The City of New Orleans this week canceled a $6 million contract for a new 911 records management system after it identified “serious shortcomings” with the project.
The five-year project aimed to combine 20 New Orleans Police Department records systems into a single, cloud-based system developed by Hexagon, a Swedish technology firm. The contract, signed in early 2021 for a product called OnCall Records, has since seen several changes that increased the cost, NOLA.com reported.
A joint announcement by the city the Orleans Parish Communication District, which manages 911 for the city, cited technical delays in providing a functional crime analytics environment, lack of a workable plan to access existing police and city data and the inability to generate reports compliant with state and federal requirements.
Additionally, the Hexagon system that was slated to launch might have increased the time required to write basic police report, the city said.
“Since entering into an agreement in 2021, the City and OPCD have made good faith efforts to evaluate system readiness, troubleshoot issue areas, and complete implementation,” the announcement read. “It has become increasingly clear, however, that a satisfactory resolution is not forthcoming and that it is in the best interest of the NOPD, our public safety and justice system agencies, and, most importantly, the residents of New Orleans, to seek an alternative solution.”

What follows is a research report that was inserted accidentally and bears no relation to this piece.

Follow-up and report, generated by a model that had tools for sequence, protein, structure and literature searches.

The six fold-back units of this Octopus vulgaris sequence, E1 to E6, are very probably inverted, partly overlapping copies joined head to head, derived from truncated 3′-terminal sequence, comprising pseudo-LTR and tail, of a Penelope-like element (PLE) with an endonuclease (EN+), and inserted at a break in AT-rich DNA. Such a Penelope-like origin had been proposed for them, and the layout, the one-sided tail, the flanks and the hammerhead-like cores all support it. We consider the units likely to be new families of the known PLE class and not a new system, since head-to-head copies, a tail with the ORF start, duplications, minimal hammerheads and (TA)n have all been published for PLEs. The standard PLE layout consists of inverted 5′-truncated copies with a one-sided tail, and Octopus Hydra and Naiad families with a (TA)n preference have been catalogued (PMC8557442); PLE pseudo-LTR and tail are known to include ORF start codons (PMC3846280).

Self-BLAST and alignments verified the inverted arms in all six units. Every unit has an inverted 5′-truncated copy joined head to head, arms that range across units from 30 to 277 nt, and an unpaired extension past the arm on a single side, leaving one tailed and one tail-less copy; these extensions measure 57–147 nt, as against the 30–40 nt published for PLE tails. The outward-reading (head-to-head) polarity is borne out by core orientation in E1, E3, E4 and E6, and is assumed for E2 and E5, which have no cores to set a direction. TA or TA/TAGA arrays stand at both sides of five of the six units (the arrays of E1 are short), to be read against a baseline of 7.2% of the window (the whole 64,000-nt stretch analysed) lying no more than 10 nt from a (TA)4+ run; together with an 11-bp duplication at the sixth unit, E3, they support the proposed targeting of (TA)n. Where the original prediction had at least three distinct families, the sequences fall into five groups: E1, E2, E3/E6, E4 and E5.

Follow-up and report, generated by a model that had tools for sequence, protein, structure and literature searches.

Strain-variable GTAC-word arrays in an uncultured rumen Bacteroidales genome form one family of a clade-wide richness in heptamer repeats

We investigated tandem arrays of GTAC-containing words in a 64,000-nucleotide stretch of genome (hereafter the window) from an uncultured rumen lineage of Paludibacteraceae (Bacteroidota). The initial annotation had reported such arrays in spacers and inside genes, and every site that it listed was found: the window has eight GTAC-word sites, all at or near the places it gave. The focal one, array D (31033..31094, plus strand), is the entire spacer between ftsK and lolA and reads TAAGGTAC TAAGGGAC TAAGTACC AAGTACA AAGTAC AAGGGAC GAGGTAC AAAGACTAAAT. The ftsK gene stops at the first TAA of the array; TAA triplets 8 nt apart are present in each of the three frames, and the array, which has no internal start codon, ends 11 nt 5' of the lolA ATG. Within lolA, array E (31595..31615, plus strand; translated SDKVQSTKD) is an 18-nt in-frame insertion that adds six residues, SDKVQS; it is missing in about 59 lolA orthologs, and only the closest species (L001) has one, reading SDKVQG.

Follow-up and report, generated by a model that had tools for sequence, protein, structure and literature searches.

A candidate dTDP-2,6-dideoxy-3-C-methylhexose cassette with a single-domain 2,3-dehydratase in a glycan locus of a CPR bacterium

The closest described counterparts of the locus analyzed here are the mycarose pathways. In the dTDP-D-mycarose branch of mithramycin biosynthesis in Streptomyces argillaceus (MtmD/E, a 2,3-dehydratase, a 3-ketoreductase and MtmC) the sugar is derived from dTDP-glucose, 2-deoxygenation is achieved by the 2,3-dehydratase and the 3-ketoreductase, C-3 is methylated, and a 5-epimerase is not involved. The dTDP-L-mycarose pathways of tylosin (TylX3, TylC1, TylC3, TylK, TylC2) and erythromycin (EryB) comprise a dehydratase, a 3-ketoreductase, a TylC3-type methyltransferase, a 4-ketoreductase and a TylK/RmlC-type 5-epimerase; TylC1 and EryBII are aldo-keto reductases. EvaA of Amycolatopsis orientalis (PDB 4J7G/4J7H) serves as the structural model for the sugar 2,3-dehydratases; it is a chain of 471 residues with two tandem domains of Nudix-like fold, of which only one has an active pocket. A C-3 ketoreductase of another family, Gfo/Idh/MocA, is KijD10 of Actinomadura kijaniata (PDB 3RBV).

The cancellation comes three weeks after the city’s former 911 director, Tyrell Morris, resigned after crashing a city-owned vehicle and then altering records to cover it up. A subsequent investigation showed that the 911 system Morris oversaw led to several botched emergency dispatches. On one occasion, a driver of a Corvette died after 911 mistakenly documented the vehicle’s crash as a simple power pole fire.
The Hexagon upgrade, which Morris was leading, was past its original launch date of January 2022. The city reports that it has started evaluating other systems that “have a proven track record of successful implementation in both local and national law enforcement jurisdictions and a demonstrated ability to meet the NOPD’s requirements.”
Orleans Parish Communication District declined to comment for this story.